# Finding integer points inside of a parallelogram

Suppose $P = \{p_1,\ldots,p_4\} \in \mathbb{R}^2$ defines a quadrilateral (here, specifically, a parallelogram). In the particular case I'm dealing with, I know that there exists at least one point with integer coordinates in the interior of $P$, though there are possibly many such points. I would like to find one of these points; ideally, a solution to finding such a point would not depend on knowing that one exists.

To reformulate (my lines will not generally be vertical), I want to find an integer solution $(x,y)$ to the equations \begin{eqnarray*} y &<& ax + b_1, \\ y &>& ax + b_2, \\ y &<& cx + b_3, \\ y &>& cx + b_4. \end{eqnarray*}

Is there a good way to tackle such a problem? Note that this can be an arbitrarily bad situation, such as having the parallelogram containing a small neighborhood of the line segment from $(0,0)$ to $(2^{107}-1,2^{127}-1)$, and such that many points are closer to the boundary lines than either of the two interior integral points.

• This is a typical setting for lattice basis reduction (which in 2D is closely related to the Euclidean algorithm applied to $1$ and the slope of the parallelogram's longer edge, and to that slope's continued-fraction development). Apply a linear transformation $T$ taking the parallelogram to a unit square $S$, and ${\bf Z}^2$ to some lattice $L$. Find a reduced basis for $L$. It is then easy (assuming no precision issues with a point of $L$ coming very close to the boundary of $S$) to decide whether $S \cap L$ contains some point $p$, and if yes to find such $p$. Then recover $T^{-1}p$. – Noam D. Elkies Aug 17 '13 at 6:03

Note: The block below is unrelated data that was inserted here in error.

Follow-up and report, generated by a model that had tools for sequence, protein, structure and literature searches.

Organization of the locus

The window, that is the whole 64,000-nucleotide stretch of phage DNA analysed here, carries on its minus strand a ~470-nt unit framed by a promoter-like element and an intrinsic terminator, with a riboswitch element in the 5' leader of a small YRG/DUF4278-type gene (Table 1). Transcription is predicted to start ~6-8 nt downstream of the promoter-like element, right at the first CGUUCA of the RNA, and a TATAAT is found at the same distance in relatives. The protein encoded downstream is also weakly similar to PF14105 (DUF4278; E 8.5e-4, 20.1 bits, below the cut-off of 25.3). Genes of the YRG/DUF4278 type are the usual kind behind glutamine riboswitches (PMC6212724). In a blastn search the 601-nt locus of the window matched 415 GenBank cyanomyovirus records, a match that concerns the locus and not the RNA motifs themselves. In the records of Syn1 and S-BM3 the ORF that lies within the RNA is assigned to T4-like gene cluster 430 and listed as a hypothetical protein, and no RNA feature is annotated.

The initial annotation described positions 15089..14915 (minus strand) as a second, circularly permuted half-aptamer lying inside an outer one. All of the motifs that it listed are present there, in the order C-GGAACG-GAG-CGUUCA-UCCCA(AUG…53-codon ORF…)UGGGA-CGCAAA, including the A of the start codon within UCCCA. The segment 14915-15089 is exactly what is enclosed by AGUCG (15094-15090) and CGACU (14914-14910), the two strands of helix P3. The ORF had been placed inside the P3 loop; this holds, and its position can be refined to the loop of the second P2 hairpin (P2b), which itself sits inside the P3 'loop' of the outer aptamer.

• @Noam Elkies: Thank you; I wasn't sure what terms to look for, but that seems like enough to solve my problem. – Eric Tressler Aug 17 '13 at 6:08
• @Noam and Eric: If Noam Elkies' comment answers the question, may I suggest that Noam repost it as an answer? – Ricardo Andrade Aug 17 '13 at 9:57